Thanks to the efforts of Pat Oliver, a long time TWITT member, we are pleased to offer the flying wing public the opportunity to build their own version of the famous BKB-1 glider designed by Stefan Brochocki and constructed by him along with Fred Bodek and Witold Kasper.  Pat has developed a number of different models in this format, but the BKB is his first release in this type of media.   He would love to have teachers use it for classroom training as a means for students to learn construction techniques, as well as, learn the science of flight testing their handy work.  Both Brochocki and Bodek have test flown the model and given Pat's work the 'thumbs up'.


...........Dave Webb during an initial test flight.................................3-View of Paper Glider

The BKB was an experimental design inspired by the Horten sailplane, and was created to serve a specific need in Canadian gliding in the 50's.  It was a high performance, tailless aircraft with a glide ratio of 29:1, despite having a low aspect ratio of 10:1.  It was most famous for its ability to perform controlled tumbles and recover;  not exactly what it was designed for, but perhaps a serendipitous quirk due to its unique stability. This glider was designed with the following objectives:  to fill a gap in Eastern Ontario soaring by providing a very stable tailless design that was inexpensive to build, easy to handle in flight, and, easy to maintain. 

In 1954 the partnership was formed, each member with his specific duties.  Bodek and Kasper were to finance much of the project, Stefan to provide design and drawings and create the type record, while Bodek was to provide the excellent illustrations of the mechanical control systems and to collaborate on the design of the craft’s mechanical features.  All three were involved in the construction which started in 1955 in Kasper’s basement. After Kasper left the project in late '56 and Bodek in '60, Dave Webb, David Marsden, Hiller Kurlents, George Adams, and Stan Rys assisted in modifications and/or testing. After 1963, it was flown extensively in the USA by Kasper at which time he added the triangular trailing edge tip extension seen in the paper model.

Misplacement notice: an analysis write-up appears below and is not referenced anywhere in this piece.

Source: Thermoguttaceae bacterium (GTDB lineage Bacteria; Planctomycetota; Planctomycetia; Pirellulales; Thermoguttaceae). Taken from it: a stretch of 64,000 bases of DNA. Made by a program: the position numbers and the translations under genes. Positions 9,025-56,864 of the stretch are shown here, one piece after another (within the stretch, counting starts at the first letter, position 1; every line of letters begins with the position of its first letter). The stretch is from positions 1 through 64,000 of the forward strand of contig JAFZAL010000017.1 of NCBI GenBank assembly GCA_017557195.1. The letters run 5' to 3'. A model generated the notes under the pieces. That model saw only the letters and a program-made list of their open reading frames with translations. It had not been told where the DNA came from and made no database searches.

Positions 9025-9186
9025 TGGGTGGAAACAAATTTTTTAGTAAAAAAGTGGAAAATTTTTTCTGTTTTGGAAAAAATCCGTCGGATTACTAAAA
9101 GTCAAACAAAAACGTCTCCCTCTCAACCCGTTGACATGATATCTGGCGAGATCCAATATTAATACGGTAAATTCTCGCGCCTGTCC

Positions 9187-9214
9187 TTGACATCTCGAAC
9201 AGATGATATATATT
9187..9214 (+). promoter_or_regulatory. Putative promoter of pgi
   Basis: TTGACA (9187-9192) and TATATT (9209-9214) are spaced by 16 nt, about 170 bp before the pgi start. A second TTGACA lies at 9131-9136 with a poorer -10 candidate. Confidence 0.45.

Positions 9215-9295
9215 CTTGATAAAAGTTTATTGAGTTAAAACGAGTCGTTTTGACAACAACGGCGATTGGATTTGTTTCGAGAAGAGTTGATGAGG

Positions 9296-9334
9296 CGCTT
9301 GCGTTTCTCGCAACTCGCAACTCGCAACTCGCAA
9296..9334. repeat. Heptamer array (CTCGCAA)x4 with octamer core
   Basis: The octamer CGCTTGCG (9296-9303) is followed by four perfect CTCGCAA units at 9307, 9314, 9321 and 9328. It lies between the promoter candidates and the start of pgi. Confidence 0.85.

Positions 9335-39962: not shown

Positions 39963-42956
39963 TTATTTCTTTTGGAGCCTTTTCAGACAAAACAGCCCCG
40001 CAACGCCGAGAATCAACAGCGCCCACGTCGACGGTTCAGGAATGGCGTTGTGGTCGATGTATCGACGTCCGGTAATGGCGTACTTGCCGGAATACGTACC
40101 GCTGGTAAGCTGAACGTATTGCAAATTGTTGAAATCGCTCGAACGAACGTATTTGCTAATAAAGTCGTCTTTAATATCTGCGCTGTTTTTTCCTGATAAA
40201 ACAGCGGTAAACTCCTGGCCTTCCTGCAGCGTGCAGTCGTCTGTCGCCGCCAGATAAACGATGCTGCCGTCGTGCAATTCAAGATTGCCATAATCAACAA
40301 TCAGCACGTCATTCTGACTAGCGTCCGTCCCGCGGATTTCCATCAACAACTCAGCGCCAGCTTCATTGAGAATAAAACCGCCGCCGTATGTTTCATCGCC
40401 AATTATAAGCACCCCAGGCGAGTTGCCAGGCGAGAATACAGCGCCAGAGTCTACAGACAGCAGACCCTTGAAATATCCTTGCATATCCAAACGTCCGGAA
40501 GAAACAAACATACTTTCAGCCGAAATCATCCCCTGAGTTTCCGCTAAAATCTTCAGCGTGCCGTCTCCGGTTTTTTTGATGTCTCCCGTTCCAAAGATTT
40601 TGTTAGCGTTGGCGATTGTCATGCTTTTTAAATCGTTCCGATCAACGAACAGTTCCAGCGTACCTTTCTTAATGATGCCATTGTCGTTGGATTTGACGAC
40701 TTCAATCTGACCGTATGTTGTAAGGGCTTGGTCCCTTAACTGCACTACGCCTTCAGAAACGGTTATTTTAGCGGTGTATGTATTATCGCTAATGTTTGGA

Pat has provided us with the means for you to recreate this historic glider in the form of a paper glider that you can fly in your home, hanger, gymnasium,  suitable indoor facility or in very light breezes outdoors.  It is simple to build, even though it seems to have lots of parts, and performs well when properly trimmed.

Clicking  on pages 1-5 below will open the full size figure providing the building instructions that can be printed out on regular paper.  Pages 6-9 should be printed on light card stock or stiff construction paper in order to give the glider the necessary stiffness.  You can experiment with different weights and colors of paper and have contests.  The original glider was black and white as seen in the picture of the early prototype above.  A glue stick might be the best method of putting the pieces together, but use whatever method you have found successful in similar paper projects.  Make sure to dry fit things like the wing stiffeners and fuselage parts before gluing and make any minor adjustments necessary for a good fit.

We suggest you go into page setup and adjust your all your browser margins the minimum settings to get the figures to print on a single page.  Also disengage the header and footer settings so only the figure prints.  This allows for the maximum size of the glider which should be about an 8" half-span.  Print testing was done with an HP Deskjet printer, so yours may require other adjustments.  If you have trouble printing directly from the web page, save each of the four construction images and make the necessary changes in size to run on your printer.  Just make sure that all images are adjusted the same amount so everything stays in the correct proportions.

We would appreciate your feedback on how your construction went, how the glider flew and if you used it in a student environment.  Drop us a short note at:

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